Children and adults under age 25 have accounted for 53% of hospitalizations for laboratory-confirmed H1N1 and 23.6% of related deaths since Sept. 1.
Seniors, on the other hand, have accounted for just 7% of H1N1-confirmed hospitalizations and 11.6% of deaths from the virus based on data from 27 and 28 states, respectively.
“This is really, really different than what we see with seasonal flu,” said Anne Schuchat, MD, director of the CDC’s National Center for Immunization and Respiratory Diseases, who led the briefing.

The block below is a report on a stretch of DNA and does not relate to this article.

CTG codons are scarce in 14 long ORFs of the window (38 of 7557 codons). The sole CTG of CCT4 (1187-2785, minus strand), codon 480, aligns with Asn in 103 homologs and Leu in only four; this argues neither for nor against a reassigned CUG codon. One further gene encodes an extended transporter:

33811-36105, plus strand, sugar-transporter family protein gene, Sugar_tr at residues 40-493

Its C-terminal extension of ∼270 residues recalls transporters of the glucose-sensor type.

There are diseases that kill old people and those that disproportionately affect the young. When the young are affected, society loses not just a beautiful young person but also their potential, the years and years of lost productivity:
The quality-adjusted life year (QALY) is a measure of disease burden, including both the quality and the quantity of life lived. It is used in assessing the value for money of a medical intervention. The QALY is based on the number of years of life that would be added by the intervention.